Navman Wireless ditches co-lo for cloud

Fleet-tracking company struck deal with AWS to migrate the infrastructure running its Director application

Navman Wireless’ December launch of Director represented not just a new name for the company’s GPS fleet-tracking application but also a shift in the IT infrastructure used to deliver its capabilities.

Navman Wireless Director is the successor to the company’s OnlineAVL2 offering (itself an update to OnlineAVL, which launched in the Australian market in 2003).

Director has a brand new look and feel and improved usability, said the company’s APAC vice-president Ian Daniel, but its headline feature is the addition of its Safety Analytics tool.

“It’s pretty special,” Daniel said. “Safety Analytics is where we have a look at how a vehicle is getting driven and relate that to the posted speed on the road that it’s getting driven on.”

“In a nutshell we can understand if you’re in a 50kph zone or a school zone and we can understand how you’re driving that vehicle around the corner and how fast you’re accelerating or braking,” he said.

Data derived from the GPS-enabled device in the vehicle, which includes a three-way accelerometer, is rolled into a scorecard that can give a business an indication of how safely it is being driven.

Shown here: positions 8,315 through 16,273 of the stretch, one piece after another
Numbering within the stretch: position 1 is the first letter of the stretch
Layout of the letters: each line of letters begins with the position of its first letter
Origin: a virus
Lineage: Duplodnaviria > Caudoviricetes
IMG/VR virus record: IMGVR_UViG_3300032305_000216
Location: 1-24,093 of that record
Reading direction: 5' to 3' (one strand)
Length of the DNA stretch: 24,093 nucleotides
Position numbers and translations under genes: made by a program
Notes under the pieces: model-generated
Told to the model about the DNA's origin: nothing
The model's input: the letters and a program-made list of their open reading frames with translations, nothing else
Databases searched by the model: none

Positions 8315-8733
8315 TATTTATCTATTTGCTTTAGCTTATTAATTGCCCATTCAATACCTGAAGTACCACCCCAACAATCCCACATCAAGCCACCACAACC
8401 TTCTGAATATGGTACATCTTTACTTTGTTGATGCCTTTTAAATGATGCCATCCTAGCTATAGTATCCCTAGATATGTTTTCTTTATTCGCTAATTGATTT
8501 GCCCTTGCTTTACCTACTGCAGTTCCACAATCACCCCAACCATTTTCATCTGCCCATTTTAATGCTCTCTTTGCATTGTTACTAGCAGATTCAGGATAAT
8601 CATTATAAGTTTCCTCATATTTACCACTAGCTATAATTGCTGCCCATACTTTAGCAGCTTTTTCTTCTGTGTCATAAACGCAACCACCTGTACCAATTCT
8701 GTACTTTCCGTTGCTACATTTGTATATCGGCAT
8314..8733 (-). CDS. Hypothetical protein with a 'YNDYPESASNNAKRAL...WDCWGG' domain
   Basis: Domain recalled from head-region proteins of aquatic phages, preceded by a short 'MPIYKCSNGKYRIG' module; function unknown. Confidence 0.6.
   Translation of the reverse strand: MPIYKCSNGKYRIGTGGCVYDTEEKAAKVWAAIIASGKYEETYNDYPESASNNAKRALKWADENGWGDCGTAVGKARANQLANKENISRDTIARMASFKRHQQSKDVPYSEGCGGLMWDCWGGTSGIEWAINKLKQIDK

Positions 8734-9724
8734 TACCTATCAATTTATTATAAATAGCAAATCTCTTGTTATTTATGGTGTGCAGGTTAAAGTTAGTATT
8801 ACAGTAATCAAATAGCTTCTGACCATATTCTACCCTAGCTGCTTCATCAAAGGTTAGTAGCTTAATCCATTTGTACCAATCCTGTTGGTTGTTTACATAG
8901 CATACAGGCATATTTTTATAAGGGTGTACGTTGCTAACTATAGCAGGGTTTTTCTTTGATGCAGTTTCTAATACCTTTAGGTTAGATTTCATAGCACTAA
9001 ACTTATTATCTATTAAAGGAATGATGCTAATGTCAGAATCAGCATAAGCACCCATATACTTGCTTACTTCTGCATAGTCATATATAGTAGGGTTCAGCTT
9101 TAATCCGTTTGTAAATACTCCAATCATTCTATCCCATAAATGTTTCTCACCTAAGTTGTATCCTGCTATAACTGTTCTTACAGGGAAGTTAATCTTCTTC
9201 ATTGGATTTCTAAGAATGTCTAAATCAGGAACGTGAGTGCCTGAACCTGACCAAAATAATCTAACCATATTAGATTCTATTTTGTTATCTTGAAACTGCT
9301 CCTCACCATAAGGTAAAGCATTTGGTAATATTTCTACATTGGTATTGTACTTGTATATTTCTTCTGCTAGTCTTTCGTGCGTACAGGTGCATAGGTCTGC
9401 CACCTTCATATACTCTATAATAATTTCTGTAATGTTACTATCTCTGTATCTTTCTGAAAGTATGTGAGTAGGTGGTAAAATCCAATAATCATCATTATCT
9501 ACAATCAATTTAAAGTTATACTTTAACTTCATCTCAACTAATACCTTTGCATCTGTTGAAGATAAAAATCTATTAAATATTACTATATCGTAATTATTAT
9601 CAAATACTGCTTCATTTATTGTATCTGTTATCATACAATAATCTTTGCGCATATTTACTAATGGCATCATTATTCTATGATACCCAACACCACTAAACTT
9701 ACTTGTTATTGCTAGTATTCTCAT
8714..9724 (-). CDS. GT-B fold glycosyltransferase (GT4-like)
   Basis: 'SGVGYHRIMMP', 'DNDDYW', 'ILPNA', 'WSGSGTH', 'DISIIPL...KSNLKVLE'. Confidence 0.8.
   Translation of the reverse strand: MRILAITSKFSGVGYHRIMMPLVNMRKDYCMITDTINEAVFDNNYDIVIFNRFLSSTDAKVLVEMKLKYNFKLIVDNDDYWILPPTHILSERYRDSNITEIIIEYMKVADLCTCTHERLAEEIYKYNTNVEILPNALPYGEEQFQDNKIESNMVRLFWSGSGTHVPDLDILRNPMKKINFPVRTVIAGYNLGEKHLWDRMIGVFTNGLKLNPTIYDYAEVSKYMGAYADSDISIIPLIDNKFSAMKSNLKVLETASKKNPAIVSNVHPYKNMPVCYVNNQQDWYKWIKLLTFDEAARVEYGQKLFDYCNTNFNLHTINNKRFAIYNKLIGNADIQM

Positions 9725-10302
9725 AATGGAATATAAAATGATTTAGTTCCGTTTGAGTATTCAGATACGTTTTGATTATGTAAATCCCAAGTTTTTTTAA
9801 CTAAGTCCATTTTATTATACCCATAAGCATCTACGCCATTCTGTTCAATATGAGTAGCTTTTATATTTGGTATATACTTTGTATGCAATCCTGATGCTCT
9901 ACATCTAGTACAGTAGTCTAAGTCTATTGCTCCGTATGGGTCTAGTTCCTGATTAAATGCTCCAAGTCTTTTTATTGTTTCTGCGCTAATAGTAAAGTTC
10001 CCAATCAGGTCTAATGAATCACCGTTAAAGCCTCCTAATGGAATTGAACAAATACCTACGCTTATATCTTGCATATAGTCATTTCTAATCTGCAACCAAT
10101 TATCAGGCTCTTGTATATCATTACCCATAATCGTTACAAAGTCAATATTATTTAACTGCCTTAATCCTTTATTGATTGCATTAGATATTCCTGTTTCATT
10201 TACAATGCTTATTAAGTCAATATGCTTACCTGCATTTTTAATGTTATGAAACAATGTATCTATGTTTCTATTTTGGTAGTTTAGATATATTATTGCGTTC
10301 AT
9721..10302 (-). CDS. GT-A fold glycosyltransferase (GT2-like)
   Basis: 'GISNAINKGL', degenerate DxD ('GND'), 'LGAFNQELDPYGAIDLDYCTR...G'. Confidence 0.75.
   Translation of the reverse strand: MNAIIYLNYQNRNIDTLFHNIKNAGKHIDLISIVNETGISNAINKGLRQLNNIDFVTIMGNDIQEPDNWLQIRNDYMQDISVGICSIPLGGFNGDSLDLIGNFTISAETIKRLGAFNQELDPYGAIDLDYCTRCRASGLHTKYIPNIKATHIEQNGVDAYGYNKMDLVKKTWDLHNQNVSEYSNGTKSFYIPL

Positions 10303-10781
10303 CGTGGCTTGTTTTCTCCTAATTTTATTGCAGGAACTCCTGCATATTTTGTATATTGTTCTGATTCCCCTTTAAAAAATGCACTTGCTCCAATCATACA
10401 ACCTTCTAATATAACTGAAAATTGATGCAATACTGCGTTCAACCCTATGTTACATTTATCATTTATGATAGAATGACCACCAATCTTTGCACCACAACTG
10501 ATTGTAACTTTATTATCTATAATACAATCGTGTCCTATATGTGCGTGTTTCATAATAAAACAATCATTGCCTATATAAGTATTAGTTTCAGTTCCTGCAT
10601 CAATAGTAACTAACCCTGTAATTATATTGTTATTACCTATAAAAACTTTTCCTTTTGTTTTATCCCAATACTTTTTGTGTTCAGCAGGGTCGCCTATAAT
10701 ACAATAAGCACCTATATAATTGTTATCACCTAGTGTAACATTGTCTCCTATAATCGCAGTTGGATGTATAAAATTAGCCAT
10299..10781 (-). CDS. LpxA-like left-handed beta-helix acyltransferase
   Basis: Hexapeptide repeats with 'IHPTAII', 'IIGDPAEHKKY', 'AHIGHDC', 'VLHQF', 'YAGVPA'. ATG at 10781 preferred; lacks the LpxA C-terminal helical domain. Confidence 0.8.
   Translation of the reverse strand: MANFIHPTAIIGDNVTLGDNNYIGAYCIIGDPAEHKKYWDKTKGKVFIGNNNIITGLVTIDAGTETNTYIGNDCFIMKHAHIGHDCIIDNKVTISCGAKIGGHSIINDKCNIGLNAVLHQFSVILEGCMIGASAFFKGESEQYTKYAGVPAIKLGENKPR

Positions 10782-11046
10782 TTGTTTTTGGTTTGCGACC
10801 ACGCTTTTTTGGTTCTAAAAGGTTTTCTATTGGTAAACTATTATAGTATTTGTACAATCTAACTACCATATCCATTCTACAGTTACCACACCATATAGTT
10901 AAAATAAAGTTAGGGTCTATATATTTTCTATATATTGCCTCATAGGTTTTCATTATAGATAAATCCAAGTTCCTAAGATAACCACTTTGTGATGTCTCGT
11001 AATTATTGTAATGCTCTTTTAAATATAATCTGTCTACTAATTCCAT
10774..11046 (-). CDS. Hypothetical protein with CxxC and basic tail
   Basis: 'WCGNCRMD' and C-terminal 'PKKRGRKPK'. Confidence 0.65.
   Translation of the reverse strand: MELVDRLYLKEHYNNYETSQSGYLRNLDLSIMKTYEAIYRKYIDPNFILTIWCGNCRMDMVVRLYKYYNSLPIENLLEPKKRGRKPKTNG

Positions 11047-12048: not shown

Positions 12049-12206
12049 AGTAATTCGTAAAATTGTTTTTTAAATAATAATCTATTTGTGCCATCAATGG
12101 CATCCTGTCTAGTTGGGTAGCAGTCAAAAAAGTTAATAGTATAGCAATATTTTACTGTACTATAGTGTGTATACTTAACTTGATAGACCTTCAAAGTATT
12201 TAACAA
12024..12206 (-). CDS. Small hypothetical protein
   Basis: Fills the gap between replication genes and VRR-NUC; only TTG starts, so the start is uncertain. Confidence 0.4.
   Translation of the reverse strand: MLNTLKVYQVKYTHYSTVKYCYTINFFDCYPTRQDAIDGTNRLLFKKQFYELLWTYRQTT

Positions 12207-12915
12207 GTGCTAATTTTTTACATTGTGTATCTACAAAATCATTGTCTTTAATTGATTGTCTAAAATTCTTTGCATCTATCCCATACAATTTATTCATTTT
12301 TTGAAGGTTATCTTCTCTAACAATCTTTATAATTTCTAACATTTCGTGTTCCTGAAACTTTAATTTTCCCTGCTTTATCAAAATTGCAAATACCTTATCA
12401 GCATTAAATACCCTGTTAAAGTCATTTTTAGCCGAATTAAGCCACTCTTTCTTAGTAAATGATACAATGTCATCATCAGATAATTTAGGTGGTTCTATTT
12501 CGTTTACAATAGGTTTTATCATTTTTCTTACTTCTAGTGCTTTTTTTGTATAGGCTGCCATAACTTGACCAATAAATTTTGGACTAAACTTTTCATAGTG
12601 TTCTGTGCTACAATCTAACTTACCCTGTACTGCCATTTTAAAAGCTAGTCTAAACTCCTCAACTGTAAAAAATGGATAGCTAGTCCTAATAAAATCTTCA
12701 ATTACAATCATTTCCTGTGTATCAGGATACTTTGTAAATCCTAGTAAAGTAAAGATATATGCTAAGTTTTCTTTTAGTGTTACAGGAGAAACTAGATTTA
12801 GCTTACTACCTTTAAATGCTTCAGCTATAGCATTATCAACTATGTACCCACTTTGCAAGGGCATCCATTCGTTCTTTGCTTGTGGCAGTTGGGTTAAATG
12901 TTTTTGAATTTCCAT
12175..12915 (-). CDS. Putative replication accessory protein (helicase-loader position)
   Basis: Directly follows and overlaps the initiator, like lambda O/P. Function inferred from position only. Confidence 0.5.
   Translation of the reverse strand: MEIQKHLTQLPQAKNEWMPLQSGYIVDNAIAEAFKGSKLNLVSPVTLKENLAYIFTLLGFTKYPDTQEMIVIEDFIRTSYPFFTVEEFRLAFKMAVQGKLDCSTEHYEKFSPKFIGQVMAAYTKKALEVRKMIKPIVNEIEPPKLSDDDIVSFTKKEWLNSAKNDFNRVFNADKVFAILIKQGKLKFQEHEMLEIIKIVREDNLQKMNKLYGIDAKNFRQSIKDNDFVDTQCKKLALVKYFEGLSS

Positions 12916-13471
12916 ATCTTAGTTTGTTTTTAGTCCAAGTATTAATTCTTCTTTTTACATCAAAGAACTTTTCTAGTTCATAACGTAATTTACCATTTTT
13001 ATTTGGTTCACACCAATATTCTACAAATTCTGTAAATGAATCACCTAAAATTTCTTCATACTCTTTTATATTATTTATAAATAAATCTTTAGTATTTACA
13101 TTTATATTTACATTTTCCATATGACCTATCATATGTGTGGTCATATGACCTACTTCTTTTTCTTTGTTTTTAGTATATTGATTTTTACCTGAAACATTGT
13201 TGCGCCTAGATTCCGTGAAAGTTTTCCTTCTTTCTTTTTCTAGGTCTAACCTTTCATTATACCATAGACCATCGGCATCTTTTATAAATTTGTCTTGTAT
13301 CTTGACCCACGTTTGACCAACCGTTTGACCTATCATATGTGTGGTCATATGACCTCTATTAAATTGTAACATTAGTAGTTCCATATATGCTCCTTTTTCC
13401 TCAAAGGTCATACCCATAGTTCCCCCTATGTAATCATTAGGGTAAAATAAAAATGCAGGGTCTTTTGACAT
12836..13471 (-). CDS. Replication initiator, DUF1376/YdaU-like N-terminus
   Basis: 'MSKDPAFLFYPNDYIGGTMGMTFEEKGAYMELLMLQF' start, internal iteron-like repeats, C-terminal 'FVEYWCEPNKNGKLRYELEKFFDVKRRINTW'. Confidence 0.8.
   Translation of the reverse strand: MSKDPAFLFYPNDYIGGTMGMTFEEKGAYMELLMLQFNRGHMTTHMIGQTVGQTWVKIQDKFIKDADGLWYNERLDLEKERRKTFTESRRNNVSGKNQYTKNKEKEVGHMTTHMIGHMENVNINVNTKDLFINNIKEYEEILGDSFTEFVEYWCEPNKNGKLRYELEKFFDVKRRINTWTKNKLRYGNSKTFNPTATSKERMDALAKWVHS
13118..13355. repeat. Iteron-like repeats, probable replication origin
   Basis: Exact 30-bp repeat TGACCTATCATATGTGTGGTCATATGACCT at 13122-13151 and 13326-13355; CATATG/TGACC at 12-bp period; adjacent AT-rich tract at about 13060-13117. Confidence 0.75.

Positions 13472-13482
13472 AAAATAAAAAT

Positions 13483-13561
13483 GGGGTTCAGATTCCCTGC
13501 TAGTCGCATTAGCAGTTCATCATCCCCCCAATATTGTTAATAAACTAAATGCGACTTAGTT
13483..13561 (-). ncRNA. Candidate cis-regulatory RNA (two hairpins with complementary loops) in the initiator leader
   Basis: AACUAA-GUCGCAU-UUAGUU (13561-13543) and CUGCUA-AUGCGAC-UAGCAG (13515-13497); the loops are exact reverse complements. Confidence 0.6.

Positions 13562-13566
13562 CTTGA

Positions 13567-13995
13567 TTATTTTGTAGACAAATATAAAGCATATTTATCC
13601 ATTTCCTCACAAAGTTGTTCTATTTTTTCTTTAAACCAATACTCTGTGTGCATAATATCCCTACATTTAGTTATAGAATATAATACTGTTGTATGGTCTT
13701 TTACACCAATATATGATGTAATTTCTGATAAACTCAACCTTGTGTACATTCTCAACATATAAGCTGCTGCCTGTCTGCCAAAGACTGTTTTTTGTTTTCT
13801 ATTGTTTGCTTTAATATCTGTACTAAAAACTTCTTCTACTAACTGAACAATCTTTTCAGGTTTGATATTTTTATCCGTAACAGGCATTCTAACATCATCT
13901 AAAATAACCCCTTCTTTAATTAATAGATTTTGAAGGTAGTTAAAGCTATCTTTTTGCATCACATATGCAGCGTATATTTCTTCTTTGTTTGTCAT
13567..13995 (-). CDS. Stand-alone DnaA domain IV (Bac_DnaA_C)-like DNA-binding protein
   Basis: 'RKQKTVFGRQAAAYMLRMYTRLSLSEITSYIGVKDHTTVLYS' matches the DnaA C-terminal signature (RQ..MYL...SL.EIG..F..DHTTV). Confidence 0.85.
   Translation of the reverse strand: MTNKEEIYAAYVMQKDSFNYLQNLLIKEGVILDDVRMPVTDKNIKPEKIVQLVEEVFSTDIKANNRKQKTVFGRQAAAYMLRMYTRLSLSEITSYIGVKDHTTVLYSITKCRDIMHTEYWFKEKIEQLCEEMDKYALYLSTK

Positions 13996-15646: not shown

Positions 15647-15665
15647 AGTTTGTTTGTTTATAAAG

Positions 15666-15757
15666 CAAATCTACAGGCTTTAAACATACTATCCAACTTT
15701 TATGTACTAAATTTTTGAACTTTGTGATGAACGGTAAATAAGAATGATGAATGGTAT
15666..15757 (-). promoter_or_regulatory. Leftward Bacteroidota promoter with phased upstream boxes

“You want to understand if people are breaking the posted speeds and you also want to understand if they’re not breaking the posted speed but they’re going round a tight corner way too quickly,” Daniel said.

Behind the scenes, the infrastructure used to deliver the Web-based application also underwent a change with the release of Director.

In APAC, Navman Wireless had previously co-located the infrastructure that ran its fleet-tracking system inside Telstra’s network. However, with Director the company struck a deal with Amazon Web Services, and moved to the cloud.

“We hadn’t been using cloud, but we wanted to scale and you need the agility [of cloud] when you actually want to deploy pretty quickly,” Daniel said.

“It seemed really logical to work with somebody like Amazon, and obviously creating that kind of global relationship with Amazon as well, so we can get really good leverage across the globe rather than just on a regional basis.”

The company initially decided to go with cloud-based infrastructure for Director and assessed the state of the cloud market before negotiating an agreement with AWS.

“There’s all these really good niche players in market, but at the end of the day we are a global business, so it was very logical for us to have that relationship with someone that was a global player — because where are we going to be in two, three, four, five years? What’s our reach? What’re our growth aspirations?” Daniel said.

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“If we want to get into Japan, we can get there in a heartbeat because we know Amazon Web Services are on the ground in Japan. So we thought for the strategic advantage, you’re better of going with the global player,” Daniel said.

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